“I was the type of child that questioned everything. I guess my intuition was stronger than what people were telling me and so I questioned everything. I questioned every aspect of religion. I questioned every aspect of being a young woman.”
Born and raised in Thibodaux, LA, the parish seat of Lafourche, Julie Ledet spent much of her youth traversing the physical and social landscapes of Southern Louisiana. That child-like curiosity helped the artist question everything in her formative years. And that’s how it should be! In her solo exhibition Morning Honey for Beb curated by Liz Paris at Freight Gallery and Studios, Ledet examines the undeniable allure surrounding Louisiana’s culture, superstitions, and people. “Working from these sources is both a comfort and a means for understanding the complexities of the artist’s upbringing.”
In Morning Honey for Beb, Julie Ledet creates photographic collage prints, sculptures, and installations grounded in southern culture and tradition. But who is Beb? According to Ledet, “the mystical character “Beb” is the personification of the struggle between living a life of virtue and vice surrounded by temptation and decadence occurring in everyday life in Southern Louisiana.” She shared that especially as a young woman growing up in a Catholic household there was a constant struggle between knowing what was actually a vice and what was a virtue. “Growing up within the Catholic superstitious space, feeling always like I was being watched, and being told not the best advice—skewed to someone who they thought I was or thought I could potentially be,” stated Ledet. So maybe Beb is a mystical character that lives in each and every girl growing up in a conservative family and learning what it means to be a woman. Or so I can definitely say for myself.
Ledet recalled that when she reached the age of puberty, “there were such mixed feelings from the older women in the family because that also meant I was of age to make questionable decisions.” But what does that entail? Is it indulging in temptations? Ledet describes it as everything that feels good but has been taught to be bad (trust me on this one, Catholic guilt is real). In this instance, the artist uses honey to represent this indulgence. “Morning Honey” in the title is Ledet’s way of saying “wake up Beb, it’s time to drink honey” reassuring us that a societal and a physical awakening occurs during puberty that encourages these indulgences.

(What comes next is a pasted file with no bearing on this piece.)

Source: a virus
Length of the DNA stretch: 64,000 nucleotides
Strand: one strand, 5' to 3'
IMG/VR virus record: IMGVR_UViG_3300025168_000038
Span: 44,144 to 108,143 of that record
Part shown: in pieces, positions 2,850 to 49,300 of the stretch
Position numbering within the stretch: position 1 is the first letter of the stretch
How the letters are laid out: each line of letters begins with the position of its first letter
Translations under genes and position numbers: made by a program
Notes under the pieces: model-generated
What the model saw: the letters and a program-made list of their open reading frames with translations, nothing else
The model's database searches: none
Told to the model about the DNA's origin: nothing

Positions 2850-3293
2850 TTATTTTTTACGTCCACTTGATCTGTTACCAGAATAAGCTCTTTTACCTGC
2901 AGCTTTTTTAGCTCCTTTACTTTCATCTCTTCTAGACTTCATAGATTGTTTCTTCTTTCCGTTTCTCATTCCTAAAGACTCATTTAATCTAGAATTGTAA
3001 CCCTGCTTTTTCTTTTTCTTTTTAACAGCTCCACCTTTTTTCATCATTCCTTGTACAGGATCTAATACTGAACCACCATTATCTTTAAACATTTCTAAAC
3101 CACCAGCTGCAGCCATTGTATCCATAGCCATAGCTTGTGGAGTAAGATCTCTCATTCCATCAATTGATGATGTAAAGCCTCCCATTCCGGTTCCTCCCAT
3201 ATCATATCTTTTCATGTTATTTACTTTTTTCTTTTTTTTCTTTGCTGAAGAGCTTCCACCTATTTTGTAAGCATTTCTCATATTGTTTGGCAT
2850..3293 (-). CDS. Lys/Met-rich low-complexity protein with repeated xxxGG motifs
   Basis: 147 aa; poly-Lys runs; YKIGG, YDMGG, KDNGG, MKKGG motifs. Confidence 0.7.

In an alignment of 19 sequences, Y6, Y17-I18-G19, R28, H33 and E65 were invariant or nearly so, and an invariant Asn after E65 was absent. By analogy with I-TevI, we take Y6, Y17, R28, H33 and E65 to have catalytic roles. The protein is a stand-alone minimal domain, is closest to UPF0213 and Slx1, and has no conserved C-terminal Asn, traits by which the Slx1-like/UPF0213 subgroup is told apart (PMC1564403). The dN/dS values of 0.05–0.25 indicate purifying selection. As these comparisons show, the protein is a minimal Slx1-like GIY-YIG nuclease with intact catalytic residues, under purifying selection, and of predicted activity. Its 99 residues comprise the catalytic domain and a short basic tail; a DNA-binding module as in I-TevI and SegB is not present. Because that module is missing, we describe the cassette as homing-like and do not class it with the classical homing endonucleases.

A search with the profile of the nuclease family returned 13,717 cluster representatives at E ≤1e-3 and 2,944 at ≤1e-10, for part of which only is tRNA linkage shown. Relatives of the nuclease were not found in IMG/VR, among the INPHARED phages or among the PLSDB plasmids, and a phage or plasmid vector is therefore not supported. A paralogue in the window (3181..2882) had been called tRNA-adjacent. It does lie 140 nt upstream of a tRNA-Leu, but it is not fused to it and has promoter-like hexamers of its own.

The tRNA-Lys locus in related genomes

In her work on paper, Morning honey soak prayer, Ledet depicts an aerial view of a twin-sized bed with a gold half circle at its side. The composition is completed with an illustrated vagina on the footboard and two pieces of virgin-blue tape. Ledet said, “a bed is the most comfortable, personal space you have, but it is also when [as a] teenager, you can get in trouble. It’s a conflicting space to have as a young woman because what would they think I am doing.” By having an illustrated vagina on the footboard and a golden halo engulfing the bed, there is this dichotomy of innocence and risque. Ledet invites the viewer to join her in trying to discern what is good and bad.
Receiving mixed messages of “good” and “bad” at such a formative age was confusing for Ledet. She was told to reach for the stars but was constantly taught the societal constraints women had to face. A quick conversation that has stuck with Julie Ledet many years later and incited her to create artwork reflective of how we grow mentally and physically depending on gender, she shared a vivid memory of her younger self asking her father if she could go down the street to the local hangout: “and he said no, that’s too dangerous. I kept asking him why because he knew I could hold my own. And his answer was ‘Bee, you are not a boy.’ With all the sweetness and innocence of my father, I know he didn’t mean that in any other way other than to protect me. I also felt very much my gender because of this idea of what I can and can’t do.” Written in Louisiana slang, Beb, you ain’t a boy, speaks to the limitations put on Ledet growing up. The artist simulated a hive, replacing the way larvae would be formed in beehives with vaginas.